Unfortunately, my grandmother’s walnut tree did not make it through the devastation of fires and floods. However, she did leave us with a recipe for finding hope.
My grandmother was a skilled baker who loved to bake. I have vivid memories of her working dough with flour, sugar, eggs, yeast, butter, and milk and filling it with apricot jam to make buhteljni. I also recall enjoying her apple pies, pear pies, blueberry strudels, kifeljčki (vanilla biscuits), quark rolls with cream, and fried yoghurt pastries known as miške (little mice). I always wanted more. She used to say that baking was her way of expressing herself artistically, as she was a sustainable farmer. Looking back, I wish I had told her that even though she didn’t have the life of an artist, she was still creating something important: our cultural heritage.
Perhaps she comprehended her actions in the end. At one point, she advised me to not strictly adhere to her recipes, but rather to make adjustments as I saw fit. Essentially, she was implying that a culture should evolve to align with the current tastes and necessities.
I have modified all of my grandmother’s recipes except for one – her recipe for potica. This is a traditional pastry from Slovenia that is typically enjoyed during holidays, birthdays, and other special occasions. The pastry is made with thin dough and filled with walnuts and raisins, then covered in powdered sugar. It must be pure white in appearance.
Referring to potica as a “filled roll” may give the impression of simplicity, but in reality, it is a time-consuming process that is best done with the help of multiple people. The most challenging aspect is crushing the walnut shells and grinding the walnuts. Before my grandmother started using a grinder, we would fill a bag with around 100g of walnuts and repeatedly hit it with a hammer until the nuts and our wrists were reduced to a paste.
Why not purchase a kilogram of ground walnuts from California? Ah, because the key to the most delicious potica known to mankind lies in the walnuts from a tree on my grandmother’s farm. This magnificent 15-meter-tall tree is a playground for crows and insects, and is often visited by brave children. It produces the crispiest and sweetest walnuts, with a hint of honey flavor. Even in the coldest of winters, a potica made with these walnuts captures the essence of early autumn.
Was, bore, smelled, I should write. In the past decade, the 30-year-old tree has changed. At first, the romantic in me wanted to believe it was mourning my grandmother’s – its primary carer’s – death and just couldn’t yield sweet nuts any more. It could only give us bitter ones. Next, I resorted to common sense. Walnut harvests, I told myself, differ from season to season, so our half-empty baskets are nothing to worry about. However, after the fifth poor harvest with dry, astringent fruit, I understood that I was witnessing something else entirely. A metamorphosis better known as decay.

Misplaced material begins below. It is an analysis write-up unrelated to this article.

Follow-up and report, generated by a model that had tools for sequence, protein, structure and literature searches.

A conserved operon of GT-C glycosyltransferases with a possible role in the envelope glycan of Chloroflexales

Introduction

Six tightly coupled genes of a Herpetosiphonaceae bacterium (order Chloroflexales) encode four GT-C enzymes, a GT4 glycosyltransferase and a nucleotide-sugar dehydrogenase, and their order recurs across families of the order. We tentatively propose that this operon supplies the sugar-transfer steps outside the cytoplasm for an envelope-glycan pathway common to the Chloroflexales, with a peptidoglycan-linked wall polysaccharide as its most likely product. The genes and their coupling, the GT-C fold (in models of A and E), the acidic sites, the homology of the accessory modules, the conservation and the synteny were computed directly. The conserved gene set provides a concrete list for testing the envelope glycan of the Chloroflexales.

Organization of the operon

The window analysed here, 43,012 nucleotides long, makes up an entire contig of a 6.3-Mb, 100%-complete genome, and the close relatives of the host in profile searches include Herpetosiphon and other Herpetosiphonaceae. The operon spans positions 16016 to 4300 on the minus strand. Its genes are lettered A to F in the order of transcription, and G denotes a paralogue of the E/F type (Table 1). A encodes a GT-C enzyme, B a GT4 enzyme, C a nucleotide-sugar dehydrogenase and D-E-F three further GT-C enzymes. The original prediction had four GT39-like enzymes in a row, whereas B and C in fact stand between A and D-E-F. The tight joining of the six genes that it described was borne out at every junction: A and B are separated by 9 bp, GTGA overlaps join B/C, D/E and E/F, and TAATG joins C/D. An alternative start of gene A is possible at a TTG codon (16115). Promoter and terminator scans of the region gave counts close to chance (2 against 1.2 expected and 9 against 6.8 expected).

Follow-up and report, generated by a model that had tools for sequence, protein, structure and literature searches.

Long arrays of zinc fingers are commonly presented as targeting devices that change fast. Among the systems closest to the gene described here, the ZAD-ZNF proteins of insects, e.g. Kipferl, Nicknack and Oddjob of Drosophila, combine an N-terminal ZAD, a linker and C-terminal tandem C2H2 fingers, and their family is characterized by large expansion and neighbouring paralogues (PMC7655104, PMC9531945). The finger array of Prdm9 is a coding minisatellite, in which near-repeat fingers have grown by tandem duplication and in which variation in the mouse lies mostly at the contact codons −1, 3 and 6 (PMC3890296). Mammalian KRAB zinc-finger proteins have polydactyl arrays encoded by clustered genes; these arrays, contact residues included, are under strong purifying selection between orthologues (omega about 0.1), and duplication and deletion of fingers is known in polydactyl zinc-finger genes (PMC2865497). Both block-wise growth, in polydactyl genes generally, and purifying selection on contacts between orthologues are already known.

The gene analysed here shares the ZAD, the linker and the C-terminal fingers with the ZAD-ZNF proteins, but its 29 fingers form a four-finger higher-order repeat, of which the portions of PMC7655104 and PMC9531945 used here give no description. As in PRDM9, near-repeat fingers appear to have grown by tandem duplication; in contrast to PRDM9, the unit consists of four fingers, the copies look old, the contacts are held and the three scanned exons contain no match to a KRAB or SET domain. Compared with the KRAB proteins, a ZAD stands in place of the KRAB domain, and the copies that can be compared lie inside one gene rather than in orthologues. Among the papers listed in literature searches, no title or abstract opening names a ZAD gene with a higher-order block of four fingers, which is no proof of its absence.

Under optimal conditions, such as mild weather, consistent low temperatures, and low humidity, walnut trees in our area can survive for up to 100 years and continue producing nuts well into their middle age. However, the situation for a specific potica tree, and its relatives, has deteriorated. These trees face challenges such as spring frost, snow, tornado-like winds, storms, floods, heavily polluted air, water, and soil, and parasitic fungi typically found in tropical climates. Despite enduring these harsh conditions for over a decade, the walnut tree in my grandmother’s front garden eventually succumbed and broke. As a seasoned realist, I am not surprised by this outcome.
I am facing the possibility that my potica projects may not be able to continue, but this is not a tragic situation. Due to my inability to make a traditional walnut roll, I have finally decided to modify the recipe. I purchased almond packages from California, but upon seeing them on my kitchen counter, I changed my mind and decided not to use them. Instead, I added them to my morning porridge so they wouldn’t interfere with my grandmother’s legacy. Despite her advice to adapt recipes, I do not believe she intended for me to give in to a culture that constantly seeks consumption alternatives after exploiting resources. Her culture was focused on preserving the lives of the potica tree, as well as other living beings such as bees, cats, cows, birds, and her granddaughters. It was a culture centered on valuing and protecting life.
I noticed a small glimmer of hope for poticas at the beginning of this year. There was a young tree growing next to the dying one. Despite facing a summer of extreme floods and unusual temperature changes, it managed to survive. It’s possible that the dying tree gave all its remaining nutrients to this young one, saying, “The preservationists have arrived, believe me. Some are practical thinkers, while others are idealistic dreamers.”
Ana Schnabl is a writer, editor, and literary critic from Slovenia.